Would you buy a product from a business that you know has paid for positive online reviews? We didn’t think so!
If the reviews you’re reading may or may not be true, you’re not likely to pay for products or services from that provider. They immediately lose your trust when you think about how easily they decided to cut corners to promote their business.
As search engine professionals, but moreover as consumers, we understand the high value of quality business reviews. We’ve already given you the heads up about Google keeping an eye out for review fraud. This summer, Yelp implemented a more aggressive tool to let consumers know about fake reviews.
How the Alert Works
When Yelp finds out that a business solicited paid reviews, a Consumer Alert box appears on the page. The warning reads:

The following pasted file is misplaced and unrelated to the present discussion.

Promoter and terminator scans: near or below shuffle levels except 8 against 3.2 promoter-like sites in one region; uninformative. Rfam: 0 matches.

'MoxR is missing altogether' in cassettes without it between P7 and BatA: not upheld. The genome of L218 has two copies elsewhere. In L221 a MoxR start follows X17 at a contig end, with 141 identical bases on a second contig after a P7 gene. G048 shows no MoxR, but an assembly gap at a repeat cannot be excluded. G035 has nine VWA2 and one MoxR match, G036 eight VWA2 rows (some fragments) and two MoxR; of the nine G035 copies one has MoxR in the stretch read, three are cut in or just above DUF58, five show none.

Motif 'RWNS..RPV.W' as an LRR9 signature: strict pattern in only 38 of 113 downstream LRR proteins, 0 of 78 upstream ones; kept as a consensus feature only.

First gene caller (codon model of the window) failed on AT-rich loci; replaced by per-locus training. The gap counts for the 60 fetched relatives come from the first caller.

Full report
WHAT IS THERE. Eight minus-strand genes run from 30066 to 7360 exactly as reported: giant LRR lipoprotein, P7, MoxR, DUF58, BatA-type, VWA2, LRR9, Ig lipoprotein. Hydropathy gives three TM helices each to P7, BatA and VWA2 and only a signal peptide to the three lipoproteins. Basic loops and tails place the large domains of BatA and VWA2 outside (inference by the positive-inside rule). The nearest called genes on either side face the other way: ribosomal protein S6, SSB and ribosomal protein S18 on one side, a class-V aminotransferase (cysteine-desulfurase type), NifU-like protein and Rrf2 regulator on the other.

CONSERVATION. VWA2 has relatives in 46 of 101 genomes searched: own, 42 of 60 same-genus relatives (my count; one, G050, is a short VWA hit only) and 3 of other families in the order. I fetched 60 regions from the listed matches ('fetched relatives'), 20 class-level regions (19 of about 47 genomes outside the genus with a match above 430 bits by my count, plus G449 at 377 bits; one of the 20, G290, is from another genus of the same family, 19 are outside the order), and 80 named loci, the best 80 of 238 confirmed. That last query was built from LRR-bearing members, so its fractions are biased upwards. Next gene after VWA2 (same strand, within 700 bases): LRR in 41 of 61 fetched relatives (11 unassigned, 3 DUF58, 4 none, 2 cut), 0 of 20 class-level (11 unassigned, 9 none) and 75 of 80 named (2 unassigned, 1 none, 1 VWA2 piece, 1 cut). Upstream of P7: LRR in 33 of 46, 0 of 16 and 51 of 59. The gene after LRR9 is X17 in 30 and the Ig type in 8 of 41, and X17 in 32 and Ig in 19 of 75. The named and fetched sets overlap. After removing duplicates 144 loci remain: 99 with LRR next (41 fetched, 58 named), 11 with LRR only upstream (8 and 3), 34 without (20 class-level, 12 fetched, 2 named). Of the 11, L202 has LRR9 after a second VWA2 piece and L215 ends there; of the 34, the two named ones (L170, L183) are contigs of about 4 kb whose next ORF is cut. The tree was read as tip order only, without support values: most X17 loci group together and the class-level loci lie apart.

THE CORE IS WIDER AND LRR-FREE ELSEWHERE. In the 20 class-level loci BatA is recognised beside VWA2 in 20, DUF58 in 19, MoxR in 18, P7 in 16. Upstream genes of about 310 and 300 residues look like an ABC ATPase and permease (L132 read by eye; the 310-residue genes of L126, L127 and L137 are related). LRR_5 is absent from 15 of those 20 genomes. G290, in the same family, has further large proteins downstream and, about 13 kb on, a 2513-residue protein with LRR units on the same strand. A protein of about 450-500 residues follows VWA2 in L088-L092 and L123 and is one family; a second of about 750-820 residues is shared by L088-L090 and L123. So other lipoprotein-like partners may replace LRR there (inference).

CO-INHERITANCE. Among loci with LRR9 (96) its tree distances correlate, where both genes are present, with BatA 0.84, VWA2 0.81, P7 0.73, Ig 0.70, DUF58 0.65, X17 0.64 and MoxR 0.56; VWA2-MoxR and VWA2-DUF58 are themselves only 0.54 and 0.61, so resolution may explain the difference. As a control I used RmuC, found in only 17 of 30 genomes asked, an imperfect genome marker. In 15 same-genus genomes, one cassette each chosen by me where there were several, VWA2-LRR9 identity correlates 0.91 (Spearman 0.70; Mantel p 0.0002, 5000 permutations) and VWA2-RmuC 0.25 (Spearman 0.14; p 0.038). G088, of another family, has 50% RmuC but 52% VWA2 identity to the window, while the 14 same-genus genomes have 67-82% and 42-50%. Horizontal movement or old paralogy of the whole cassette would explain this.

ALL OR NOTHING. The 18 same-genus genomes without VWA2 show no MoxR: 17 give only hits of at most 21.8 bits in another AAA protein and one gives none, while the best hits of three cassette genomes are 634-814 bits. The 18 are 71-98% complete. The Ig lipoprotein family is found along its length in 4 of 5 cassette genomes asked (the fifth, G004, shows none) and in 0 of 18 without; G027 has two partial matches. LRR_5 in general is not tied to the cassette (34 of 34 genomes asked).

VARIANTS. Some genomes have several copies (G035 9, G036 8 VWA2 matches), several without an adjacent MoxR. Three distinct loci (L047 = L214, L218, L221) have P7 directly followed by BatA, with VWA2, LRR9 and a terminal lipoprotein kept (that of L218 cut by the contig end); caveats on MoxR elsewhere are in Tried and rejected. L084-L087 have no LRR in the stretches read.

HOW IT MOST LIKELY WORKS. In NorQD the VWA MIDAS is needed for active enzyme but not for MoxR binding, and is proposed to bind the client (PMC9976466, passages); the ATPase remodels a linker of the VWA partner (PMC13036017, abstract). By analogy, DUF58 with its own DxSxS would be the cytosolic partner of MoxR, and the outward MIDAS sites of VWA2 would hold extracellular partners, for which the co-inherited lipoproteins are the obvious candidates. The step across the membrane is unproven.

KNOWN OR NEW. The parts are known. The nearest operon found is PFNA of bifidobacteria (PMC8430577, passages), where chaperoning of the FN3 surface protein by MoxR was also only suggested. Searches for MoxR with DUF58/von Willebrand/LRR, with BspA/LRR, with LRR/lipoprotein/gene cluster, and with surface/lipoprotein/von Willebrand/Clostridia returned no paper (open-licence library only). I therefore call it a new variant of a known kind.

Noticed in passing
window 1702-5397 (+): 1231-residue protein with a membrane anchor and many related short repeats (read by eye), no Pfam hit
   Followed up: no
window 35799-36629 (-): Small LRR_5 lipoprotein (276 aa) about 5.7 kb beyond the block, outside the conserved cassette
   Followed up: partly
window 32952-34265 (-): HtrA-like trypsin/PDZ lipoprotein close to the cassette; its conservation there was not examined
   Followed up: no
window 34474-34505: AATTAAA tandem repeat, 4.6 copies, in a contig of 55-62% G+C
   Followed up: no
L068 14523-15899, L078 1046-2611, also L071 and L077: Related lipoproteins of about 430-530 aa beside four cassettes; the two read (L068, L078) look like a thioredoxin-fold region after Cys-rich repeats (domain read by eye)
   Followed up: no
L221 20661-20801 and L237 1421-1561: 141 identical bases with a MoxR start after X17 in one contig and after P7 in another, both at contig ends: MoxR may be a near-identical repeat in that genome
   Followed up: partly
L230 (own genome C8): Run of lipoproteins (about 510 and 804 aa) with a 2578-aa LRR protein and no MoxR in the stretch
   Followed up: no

“We caught someone red-handed trying to pay someone to write, change, or remove a review for this business. We weren’t fooled, but wanted you to know because these actions not only hurt consumers, but also honest businesses who play by the rules. Check out the evidence here.”
The alert may include a Show me the evidence button that links to any documentation that they’ve found to support their review fraud claim. Evidence includes ads or emails from the business asking for positive reviews, some as blatant as writing the review themselves and asking a third party to post them. Yikes!
Advice for YOU…
Don’t commit review fraud! Okay, okay. We didn’t need to be that harsh. If you’ve taken a step back to think about how you’d respond to paid reviews, you’ve probably already realized how they would negatively affect your business. But just in case, we’re here to help keep you squeaky clean.
Contact your Customer Success Coordinator if you have questions about how to ask your real customers for online reviews.